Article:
We met some of my family in Branson last month for Fall Break. We were shopping one afternoon which meant my brother and I held up a clothing rack for an hour or so and caught up on life. We talked about sports and kids and jobs and stuff from our childhood and then we talked about ‘it’. The stuff that really matters. The how-are-things-with-your-soul-lately sort of things. We grew up in the same house but life has spread us out in different ways. I’m always curious to see the church, religion, the faith through his eyes. We can be super honest with each other and I wonder if I’d see things more like he does if I had not answered the call to ministry. Grass is always greener stuff. Ministry has its challenges you know… just like any field does… but I’d be lying if sometimes I think about what kind of lay person I’d be if I wasn’t the minister. So I live vicariously through my brother. This particular afternoon we were talking about the future of the church – how things were changing – how people get challenged and inspired in so many different ways than previous times when the church was the main source for those things – including the main source of community building. “If people can hear the greatest sermon in the world at the click of a button now, why bother rolling out of bed and going to the neighborhood church to hear a mediocre message?” Or – “If you can hear the most beautiful worship rendition of your favorite praise song or hymn on a Face Book video, why bother getting to worship early to hear Gertrude, the lead soprano, sing off key with an ungodly pitchy vibrato?” I was understanding this sentiment when my brother surprisingly shut me down. “We don’t go to worship for ourselves,” he says. “Worship is not about what we can get it out of it. We go to worship to praise God whether we feel it or not. It’s not all about us.” And we went on to talk about the community we form when we gather and the support we need to offer others, etcetera, but that earlier comment lingered with me. It wasn’t a new idea, of course, but maybe what I needed to hear in the moment. Something to chew on. Whatever the case, Hannah joins the family caravan to Shiloh once again even though she wasn’t feeling it.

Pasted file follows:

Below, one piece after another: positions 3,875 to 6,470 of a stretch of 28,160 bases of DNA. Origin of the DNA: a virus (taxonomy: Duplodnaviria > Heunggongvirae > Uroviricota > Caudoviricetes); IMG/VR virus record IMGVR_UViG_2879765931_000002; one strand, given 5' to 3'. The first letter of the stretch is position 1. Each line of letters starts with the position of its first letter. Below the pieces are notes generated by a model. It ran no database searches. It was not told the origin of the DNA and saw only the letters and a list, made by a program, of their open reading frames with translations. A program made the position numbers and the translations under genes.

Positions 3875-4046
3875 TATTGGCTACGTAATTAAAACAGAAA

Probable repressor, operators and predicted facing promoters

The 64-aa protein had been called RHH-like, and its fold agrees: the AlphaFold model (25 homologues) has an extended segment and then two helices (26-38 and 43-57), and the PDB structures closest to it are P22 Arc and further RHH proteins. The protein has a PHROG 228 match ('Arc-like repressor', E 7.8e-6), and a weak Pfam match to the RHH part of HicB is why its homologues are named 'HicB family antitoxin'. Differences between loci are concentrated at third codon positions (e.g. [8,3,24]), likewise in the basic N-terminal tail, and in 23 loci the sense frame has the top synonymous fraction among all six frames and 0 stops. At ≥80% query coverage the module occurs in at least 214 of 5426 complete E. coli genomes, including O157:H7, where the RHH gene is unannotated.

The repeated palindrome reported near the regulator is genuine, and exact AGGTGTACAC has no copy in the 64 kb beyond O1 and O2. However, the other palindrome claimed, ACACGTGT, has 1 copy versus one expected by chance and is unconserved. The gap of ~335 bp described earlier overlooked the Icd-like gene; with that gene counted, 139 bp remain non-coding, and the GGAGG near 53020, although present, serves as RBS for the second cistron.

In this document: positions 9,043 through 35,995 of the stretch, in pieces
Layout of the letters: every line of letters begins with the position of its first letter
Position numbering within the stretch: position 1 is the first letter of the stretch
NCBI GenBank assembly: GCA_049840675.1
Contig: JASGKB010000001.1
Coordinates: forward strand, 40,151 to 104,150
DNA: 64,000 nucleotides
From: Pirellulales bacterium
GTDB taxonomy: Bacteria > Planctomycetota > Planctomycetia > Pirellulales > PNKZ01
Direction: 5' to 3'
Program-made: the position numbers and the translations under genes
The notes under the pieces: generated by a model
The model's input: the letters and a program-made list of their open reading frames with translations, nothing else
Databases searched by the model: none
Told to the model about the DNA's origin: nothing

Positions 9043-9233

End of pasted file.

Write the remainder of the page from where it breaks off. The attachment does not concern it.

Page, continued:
She wasn’t feeling it to the point of not only passing on seconds at mealtime, she wasn’t eating at all. Elkanah knows she’s hurting. “Oh, Hannah,” he says, “why are you crying? Why aren’t you eating? And why are you so upset? Am I not of more worth to you than ten sons?” Probably not the most helpful thing to say. Many of us have learned that lesson the hard way. Hannah nibbles on some of the meal but then slips away and entered the sanctuary. Hannah prayed to God and cried and cried inconsolably. Her soul was crushed. But then, she makes a bold vow to God: “God, if you’ll take a good, hard look at my pain, if you’ll quit neglecting me and go into action for me by giving me a son, I’ll give him completely, unreservedly to you. I’ll set him apart for a life of holy discipline.” Boom. Just like that she puts her biggest possible card on the table. Have you ever done that? “Get me out of this, God, and I’ll give my whole life to you” sort of prayer?